Hugo of St. Victor once expressed an entire hermeneutics with a single line – love is the eye.
Part of us that knows exactly what he means by that and has no difficulty believing that he is right. We see straight and our eyesight is most clear when we are not selfish and sinful, but loving and moral. Lack of love is an impediment to proper sight, just as the prism of love affords the most accurate insight.
But part of us, too, has its doubts here. That part of us understands what Genesis means when it says that, after they had sinned, Adam and Eve’s eyes were opened. Their minds may have been darkened, as our catechisms taught us, but their eyes were opened and they knew some things after sin that they did not know before. The breaking of taboos, Scripture tells us, brings its own knowledge, a knowledge beyond chastity.
Experience, all experience, teaches and sometimes, it seems, that experience which stretches the limits of love and morality produces a certain knowledge that innocence and purity do not. Great artists have always known this and, for this reason, they are generally less renowned for their innocence and chastity than they are for how they have stretched the limits of experience. Generally too they are known more for their extraordinary creativity than for any exceptional love and generosity. We never doubt the intelligence of our artists, nor the range of their experience, but we are considerably less generous in our praise of their innocence © which often is exactly what was sacrificed in the pursuit of that high creativity. Doris Lessing, commenting on George Eliot, once suggested that Eliot would have been a far better writer had she been less moral. Part of us of knows exactly what that means.
Many people, I suspect, will protest at this and argue that what artists so often reject, and what Lessing challenges Eliot on, is not true morality but a certain restrictive concept of it. There is some truth in this too, but, de facto, the wisdom of art is often more a wisdom of aesthetics than it is a wisdom of love. Aesthetics of course has its own intrinsic value and, in a higher synthesis, merges with love. The problem is that rarely do we get that higher synthesis. Consequently, art and the gospel fight a lot and we are often left with some pretty schizophrenic sympathies.
What ultimately makes us wise? What in the end reveals life to us? Innocence or eating the apple? Chastity or breaking the taboos? Self-abnegation or self-development? Does what opens our eyes also darken our minds? Who is right, the artists or the ascetics? What are the false dichotomies here?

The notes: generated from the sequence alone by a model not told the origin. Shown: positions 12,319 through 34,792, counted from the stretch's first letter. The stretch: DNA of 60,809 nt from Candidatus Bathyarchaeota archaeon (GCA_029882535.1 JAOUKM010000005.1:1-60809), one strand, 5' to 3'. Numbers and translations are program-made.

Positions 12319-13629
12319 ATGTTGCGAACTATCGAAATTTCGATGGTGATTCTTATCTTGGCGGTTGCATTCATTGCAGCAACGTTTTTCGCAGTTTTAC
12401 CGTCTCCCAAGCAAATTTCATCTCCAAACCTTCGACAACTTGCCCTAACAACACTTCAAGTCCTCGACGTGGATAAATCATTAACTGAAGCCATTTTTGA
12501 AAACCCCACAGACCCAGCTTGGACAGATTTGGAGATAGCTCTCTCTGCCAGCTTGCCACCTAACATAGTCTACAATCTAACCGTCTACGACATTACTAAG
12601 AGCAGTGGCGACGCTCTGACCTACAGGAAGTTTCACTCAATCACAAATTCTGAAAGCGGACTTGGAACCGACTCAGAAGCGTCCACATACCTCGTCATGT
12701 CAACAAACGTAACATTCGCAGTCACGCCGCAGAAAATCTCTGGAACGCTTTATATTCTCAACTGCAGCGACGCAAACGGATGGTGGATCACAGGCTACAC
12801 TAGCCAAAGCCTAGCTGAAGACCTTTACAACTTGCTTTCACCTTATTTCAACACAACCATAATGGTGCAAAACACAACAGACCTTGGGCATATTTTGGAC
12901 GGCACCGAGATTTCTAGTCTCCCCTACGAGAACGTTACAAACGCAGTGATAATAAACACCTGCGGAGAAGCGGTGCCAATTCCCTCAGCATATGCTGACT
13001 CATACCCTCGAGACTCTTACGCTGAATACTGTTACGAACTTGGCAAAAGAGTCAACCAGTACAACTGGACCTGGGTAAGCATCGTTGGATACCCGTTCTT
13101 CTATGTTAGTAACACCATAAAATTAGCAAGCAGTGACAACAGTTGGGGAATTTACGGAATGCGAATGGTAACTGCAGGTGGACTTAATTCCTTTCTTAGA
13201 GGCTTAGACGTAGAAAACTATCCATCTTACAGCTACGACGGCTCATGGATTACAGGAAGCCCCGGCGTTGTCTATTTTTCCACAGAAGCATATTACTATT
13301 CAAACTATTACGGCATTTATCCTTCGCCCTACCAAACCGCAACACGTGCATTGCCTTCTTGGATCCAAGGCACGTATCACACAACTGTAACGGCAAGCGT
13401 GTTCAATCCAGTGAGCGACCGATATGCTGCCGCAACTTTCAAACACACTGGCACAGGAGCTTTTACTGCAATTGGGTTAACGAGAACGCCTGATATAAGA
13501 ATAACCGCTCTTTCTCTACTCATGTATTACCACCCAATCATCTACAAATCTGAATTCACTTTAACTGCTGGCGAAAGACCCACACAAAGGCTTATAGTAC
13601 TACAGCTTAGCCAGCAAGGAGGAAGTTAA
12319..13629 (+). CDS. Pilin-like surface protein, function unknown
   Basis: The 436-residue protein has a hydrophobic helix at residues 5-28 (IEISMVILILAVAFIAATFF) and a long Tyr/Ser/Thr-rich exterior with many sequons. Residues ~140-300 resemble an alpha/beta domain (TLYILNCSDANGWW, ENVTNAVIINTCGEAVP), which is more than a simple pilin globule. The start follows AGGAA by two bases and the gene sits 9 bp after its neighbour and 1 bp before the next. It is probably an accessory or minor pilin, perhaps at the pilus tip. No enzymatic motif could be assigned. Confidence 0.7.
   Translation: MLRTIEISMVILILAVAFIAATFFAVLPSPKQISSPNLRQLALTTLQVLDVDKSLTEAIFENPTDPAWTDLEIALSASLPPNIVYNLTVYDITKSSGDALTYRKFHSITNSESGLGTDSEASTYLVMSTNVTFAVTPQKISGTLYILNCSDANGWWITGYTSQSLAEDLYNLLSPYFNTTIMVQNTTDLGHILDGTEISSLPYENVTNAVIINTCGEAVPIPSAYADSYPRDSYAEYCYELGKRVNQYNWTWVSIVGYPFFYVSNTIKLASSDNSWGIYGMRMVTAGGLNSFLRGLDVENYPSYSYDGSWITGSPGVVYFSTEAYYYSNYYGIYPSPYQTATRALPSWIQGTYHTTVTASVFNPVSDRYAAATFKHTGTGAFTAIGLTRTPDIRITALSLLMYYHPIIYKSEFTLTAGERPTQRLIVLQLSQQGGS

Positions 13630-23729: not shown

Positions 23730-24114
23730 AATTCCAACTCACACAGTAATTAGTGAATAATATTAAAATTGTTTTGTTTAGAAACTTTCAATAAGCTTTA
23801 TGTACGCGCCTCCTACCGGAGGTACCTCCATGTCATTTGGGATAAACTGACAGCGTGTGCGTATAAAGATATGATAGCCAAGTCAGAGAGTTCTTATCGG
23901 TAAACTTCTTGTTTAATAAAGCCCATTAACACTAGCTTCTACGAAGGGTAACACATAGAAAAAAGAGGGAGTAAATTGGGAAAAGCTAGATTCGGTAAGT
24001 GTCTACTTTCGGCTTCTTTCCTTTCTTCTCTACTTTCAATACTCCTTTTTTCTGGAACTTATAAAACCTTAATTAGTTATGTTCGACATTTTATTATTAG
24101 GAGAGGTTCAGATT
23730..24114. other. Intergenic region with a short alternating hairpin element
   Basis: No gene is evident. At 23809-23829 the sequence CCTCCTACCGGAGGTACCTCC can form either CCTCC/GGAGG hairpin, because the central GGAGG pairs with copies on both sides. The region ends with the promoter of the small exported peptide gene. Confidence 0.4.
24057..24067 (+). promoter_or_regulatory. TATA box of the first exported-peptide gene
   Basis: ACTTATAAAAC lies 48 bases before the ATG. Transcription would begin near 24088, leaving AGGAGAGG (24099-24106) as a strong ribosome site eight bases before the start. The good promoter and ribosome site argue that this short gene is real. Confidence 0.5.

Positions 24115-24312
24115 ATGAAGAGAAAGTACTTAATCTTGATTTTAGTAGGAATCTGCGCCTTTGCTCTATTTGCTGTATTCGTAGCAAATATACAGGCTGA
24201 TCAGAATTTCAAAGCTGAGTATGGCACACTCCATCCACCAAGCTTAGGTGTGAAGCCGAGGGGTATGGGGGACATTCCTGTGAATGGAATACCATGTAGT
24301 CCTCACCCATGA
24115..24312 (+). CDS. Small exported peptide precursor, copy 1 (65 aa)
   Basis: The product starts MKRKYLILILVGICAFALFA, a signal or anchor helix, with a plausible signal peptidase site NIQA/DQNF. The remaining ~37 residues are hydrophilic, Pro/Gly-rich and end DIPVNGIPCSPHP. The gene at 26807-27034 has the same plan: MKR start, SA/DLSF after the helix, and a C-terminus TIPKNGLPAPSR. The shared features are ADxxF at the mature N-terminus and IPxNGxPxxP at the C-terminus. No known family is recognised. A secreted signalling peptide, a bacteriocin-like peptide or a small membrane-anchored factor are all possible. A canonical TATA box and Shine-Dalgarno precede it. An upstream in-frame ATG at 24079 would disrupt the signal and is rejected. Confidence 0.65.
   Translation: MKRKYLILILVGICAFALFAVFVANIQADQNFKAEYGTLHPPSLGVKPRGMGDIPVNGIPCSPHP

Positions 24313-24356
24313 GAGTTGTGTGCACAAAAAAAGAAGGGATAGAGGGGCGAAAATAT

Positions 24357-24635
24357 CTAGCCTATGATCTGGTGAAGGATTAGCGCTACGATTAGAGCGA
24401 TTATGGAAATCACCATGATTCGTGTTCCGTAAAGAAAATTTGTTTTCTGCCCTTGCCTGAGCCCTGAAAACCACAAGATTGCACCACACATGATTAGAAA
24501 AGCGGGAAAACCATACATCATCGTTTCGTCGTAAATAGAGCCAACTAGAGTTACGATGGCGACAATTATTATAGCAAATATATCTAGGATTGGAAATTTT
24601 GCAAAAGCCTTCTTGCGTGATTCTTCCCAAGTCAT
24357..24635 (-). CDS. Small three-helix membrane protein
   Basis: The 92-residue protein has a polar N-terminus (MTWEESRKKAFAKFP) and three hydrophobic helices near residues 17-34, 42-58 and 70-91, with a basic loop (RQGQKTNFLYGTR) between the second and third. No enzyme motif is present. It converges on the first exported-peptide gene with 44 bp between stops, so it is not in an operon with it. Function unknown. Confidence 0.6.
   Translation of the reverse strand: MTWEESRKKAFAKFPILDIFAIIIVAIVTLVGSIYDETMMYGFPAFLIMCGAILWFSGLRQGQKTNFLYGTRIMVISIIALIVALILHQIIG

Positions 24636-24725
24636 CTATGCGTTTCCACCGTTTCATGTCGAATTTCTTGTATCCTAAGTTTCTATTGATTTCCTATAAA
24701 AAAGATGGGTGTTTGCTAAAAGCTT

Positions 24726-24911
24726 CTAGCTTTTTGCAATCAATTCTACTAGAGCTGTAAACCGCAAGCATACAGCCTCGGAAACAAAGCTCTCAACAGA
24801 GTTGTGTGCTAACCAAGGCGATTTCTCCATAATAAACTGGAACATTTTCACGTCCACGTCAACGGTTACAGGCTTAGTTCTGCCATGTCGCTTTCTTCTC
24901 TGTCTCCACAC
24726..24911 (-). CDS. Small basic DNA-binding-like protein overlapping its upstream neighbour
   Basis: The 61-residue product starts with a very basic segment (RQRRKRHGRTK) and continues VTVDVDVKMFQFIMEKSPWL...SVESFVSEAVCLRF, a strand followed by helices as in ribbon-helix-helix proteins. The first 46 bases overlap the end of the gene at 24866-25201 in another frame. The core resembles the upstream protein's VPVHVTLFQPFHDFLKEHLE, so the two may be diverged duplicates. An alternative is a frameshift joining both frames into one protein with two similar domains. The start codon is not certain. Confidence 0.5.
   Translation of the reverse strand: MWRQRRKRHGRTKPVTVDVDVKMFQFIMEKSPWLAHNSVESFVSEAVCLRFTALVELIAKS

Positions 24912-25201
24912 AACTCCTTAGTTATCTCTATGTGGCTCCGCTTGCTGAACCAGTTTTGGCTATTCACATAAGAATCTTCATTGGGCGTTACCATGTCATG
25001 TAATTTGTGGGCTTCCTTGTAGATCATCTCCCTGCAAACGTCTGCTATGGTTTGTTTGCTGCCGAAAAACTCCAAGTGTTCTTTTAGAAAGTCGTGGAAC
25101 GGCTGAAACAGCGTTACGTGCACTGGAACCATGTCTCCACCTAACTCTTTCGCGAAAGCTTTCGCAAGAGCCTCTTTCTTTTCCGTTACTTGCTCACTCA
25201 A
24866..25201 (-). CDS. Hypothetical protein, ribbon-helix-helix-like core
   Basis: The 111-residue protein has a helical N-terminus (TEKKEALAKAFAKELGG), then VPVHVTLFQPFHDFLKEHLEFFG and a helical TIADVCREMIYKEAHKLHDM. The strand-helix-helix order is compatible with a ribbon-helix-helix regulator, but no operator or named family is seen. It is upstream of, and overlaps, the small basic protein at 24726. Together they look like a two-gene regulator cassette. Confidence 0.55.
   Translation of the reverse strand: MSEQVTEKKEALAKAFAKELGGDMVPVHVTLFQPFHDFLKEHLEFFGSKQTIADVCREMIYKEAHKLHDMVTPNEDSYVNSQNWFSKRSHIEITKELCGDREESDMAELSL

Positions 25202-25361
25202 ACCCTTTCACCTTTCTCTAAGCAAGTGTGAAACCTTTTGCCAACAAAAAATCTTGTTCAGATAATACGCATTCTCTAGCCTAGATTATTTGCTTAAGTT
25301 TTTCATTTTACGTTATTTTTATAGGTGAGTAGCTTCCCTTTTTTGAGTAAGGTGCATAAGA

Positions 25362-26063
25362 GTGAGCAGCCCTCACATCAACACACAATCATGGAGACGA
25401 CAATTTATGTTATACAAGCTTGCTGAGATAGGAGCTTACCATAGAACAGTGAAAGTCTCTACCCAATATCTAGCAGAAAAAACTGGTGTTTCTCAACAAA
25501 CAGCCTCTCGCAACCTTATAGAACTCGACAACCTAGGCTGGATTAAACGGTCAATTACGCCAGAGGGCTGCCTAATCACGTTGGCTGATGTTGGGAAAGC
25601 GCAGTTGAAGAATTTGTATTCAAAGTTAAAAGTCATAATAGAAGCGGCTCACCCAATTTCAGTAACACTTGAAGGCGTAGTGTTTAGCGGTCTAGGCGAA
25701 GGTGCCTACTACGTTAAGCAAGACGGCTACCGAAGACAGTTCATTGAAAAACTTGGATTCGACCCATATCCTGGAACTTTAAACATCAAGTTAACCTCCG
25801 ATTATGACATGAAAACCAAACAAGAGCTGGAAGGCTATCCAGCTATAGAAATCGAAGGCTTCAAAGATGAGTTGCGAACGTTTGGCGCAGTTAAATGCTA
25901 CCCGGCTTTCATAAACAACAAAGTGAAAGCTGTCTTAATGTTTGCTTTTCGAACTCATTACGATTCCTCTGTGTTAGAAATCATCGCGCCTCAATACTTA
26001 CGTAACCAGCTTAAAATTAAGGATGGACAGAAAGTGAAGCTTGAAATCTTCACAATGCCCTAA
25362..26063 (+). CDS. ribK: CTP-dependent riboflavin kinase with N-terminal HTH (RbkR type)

There is wisdom in Hugo of St. Victor, in his advice: love is the eye. Love sorts things out; it makes for the higher synthesis. It was this insight that also prompted St. Augustine to write: Love and do as you like. But the last word on this should go to Jesus. He also taught a class on hermeneutics, the Beatitudes. Among other things, he said this: Happy are the pure of heart; they shall see God. For him, purity of heart and poverty of spirit are what clear the eyesight and enable us to see straight. Conversely, all sin, selfishness, and greed weaken our eyesight because, through that prism, we see a world that is as self-centered, cynical, untrustworthy, and hardened as we are. Through chastity and innocence, on the other hand, we see a world that is fresh, childlike, and capable of firing more enthusiasm than cynicism.
For Jesus, purity of heart is the real basis for revelation. And he taught this in more than words. He knew the deep truths he taught not, first of all, because he was divine, but because he was moral. He was able to reveal perfectly because he did not sin. Purity of heart, childlike innocence, self-abnegation, and the fruits of the Holy Spirit; not intellectual brilliance, chance, luck, correct cult, or gnostic insight © are the conduits to the deep secrets of God and the world. In Jesus’ view, one does not need a spiritual guru to break open the seal the binds the deep secrets, one needs a good moral life and a childlike innocence.
It is interesting to view, against this background, our late 20th century philosophical discussions about objectivity. As we know, after the insights of Albert Einstein, Werner Heisenberg, and Max Planck, science is telling us that, while objective reality exists, reality can never be known completely in any objective manner. All knowledge, even the most empirical data of mathematics and physics, is to some degree subjective. All research is, ultimately, partly me-search. Freud, Jung, and Durkheim would agree. There is no such a thing as not having a bias. The task is to have the correct one.
Jesus challenges us to have the correct bias, the bias of love, and he goes further to tell us that this bias is predicated on charity, joy, peace, patience, goodness, long-suffering, faith, modesty, fidelity, and chastity. These are the ultimate corrective lens we need in order to see straight.